Now, we obviously live 2600 miles away from the mess that's happening back home. I see the facebook posts and the instagram photos and the cries for help on blog posts about #hurryupspring. And I SO GET IT.

I really, totally do.

I know how real it is to feel trapped and jailed by weather. To feel like 'oh my god, will the sun ever shine again?', and to truly doubt that it ever will. To see another 10" snow storm in the forecast one day after getting 2 feet dumped on you and feel sick to your stomach about it. To see piles of snow so high you know it's not possible they'll melt until May, at least. To get excited for 30 or 40 degree weather and actually think it's acceptable to go coat-less because it's a notch up from the single digits. How miserable it can be to be stuck inside with kids clawing at the walls and cabin fever so bad that nothing except a trip to the park in sunshine and flip flops can cure.

I only had to suffer through the very early stages of winter this year. Before long we were on the west coast down here in our little San Diego slice of heaven where 70 degrees and sunshine became our new winter 'normal'. You can go ahead and hate me if you are in the misery stage of winter right now. It's ok--I don't mind. (Just remember all the work, people I loved that we left, and logistics that go into a cross country move when you're doing the hating, ha!) I mean, it's 84 degrees today and I'm wearing shorts. I'm wearing shorts in March, which frankly, is unheard of where I'm from. The weather no longer holds us back, basically, from anything. School is always open. The beach is no longer reserved for just 'vacation'.

But no matter how much our daily life and weather patterns over on this side of the country have changed--I don't forget. Oh no, I don't forget for a hot second that feeling and that misery that comes along with a never ending winter. If you've not been there, not felt what it's like to be stuck inside for endless day with children (snow days pre-children were pure awesome by the way...), with a huge lack of Vitamin D, and the winter blues that comes along with it---remember to be nice. You don't get it and you may never get it. I hope you don't, actually. Because Endless Winter is exhausting, and hard, and soul-draining. And if you're someone who loves all this winter nonsense and being trapped indoors with kids for endless days, I don't understand you-but it's ok. To each his own.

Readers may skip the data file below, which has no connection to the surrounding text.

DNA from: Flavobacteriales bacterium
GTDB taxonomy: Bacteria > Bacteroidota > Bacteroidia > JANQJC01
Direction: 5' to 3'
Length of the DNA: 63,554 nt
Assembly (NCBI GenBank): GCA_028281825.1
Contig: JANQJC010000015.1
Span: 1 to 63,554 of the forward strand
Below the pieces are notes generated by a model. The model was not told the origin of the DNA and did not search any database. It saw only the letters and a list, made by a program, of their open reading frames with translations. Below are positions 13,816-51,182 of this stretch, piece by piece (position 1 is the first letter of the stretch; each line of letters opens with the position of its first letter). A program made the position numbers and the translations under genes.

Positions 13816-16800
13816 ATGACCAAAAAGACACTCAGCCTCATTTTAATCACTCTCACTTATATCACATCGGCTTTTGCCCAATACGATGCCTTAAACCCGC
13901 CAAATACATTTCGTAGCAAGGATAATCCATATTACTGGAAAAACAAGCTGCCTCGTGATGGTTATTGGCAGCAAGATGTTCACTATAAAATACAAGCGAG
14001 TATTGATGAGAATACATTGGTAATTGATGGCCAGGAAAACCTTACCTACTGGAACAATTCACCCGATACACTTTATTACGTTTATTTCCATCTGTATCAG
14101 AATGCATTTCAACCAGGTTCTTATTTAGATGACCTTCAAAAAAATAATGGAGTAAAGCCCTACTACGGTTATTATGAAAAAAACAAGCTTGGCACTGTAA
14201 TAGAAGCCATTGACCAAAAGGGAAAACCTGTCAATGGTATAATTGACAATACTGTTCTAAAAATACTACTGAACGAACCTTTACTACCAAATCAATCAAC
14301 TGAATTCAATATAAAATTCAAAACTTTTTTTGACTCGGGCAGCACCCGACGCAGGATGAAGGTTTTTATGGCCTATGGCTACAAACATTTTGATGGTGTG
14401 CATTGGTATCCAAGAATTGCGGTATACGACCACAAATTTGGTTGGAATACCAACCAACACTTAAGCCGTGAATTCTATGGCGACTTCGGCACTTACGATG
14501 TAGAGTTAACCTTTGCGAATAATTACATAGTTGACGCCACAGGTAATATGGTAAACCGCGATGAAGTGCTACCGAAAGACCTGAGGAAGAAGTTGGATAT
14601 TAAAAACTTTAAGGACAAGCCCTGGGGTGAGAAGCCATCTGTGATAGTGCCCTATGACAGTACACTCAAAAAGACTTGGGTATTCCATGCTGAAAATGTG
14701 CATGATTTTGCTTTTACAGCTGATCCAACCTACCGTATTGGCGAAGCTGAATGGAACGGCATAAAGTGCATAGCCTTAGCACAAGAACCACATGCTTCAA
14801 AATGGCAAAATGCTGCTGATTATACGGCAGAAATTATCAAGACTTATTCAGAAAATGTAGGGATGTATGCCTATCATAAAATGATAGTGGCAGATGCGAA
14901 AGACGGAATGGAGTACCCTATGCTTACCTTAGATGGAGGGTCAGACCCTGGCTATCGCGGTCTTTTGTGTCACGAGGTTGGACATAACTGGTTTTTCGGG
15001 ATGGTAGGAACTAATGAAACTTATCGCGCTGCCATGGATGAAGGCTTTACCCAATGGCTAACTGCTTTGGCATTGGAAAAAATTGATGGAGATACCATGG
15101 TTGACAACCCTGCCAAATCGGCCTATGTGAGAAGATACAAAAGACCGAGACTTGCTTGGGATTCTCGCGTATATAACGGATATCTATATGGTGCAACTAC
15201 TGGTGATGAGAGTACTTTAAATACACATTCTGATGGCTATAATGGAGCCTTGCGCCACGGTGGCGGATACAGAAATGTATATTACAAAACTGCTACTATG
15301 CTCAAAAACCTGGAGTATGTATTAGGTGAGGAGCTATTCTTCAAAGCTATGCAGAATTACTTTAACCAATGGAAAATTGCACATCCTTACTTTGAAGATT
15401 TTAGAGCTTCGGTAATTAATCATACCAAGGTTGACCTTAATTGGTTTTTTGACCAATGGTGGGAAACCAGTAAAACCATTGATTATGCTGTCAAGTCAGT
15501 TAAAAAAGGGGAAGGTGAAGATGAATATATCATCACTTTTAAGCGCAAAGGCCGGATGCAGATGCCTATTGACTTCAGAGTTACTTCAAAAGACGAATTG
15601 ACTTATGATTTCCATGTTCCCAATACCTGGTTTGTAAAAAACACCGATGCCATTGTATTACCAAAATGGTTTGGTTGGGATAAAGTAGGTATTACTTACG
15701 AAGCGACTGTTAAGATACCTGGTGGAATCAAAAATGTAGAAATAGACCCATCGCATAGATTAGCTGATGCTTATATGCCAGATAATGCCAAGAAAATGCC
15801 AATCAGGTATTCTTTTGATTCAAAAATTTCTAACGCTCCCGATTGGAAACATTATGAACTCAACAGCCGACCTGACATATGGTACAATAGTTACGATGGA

So, my friends and family in that "We hope it's the end but we just don't know if another storm will slap us in the face"-season, I love you. I get it. And I'm praying for your sanity.

Eventually all your #hurryupspring hashtags will come forth.

And next winter you will book your tickets to see us to escape all that nonsense, yes? Just say yes.


Monday, February 23, 2015


Do you hear that? 

Me neither. 

Because there is silence here. Deep breath.

It's been almost a solid month of transition time here in San Diego. A month where the girls couldn't start into their preschool schedule here, and a month where the sister togetherness might have been just a tad too much. A month where they begged to go to school and to make "fwends" and all that fun stuff they missed from back home. 

But today. Today they started. Even if just a few mornings a week, it's enough right now to bring back some semblance of normalcy to their little world and I'm so excited for them. And maybe a little bit for me. Ok, I am excited for me, too.

I'm so excited that all I could do was come right back home and make a bowl of oatmeal to eat in peace. I like to live large.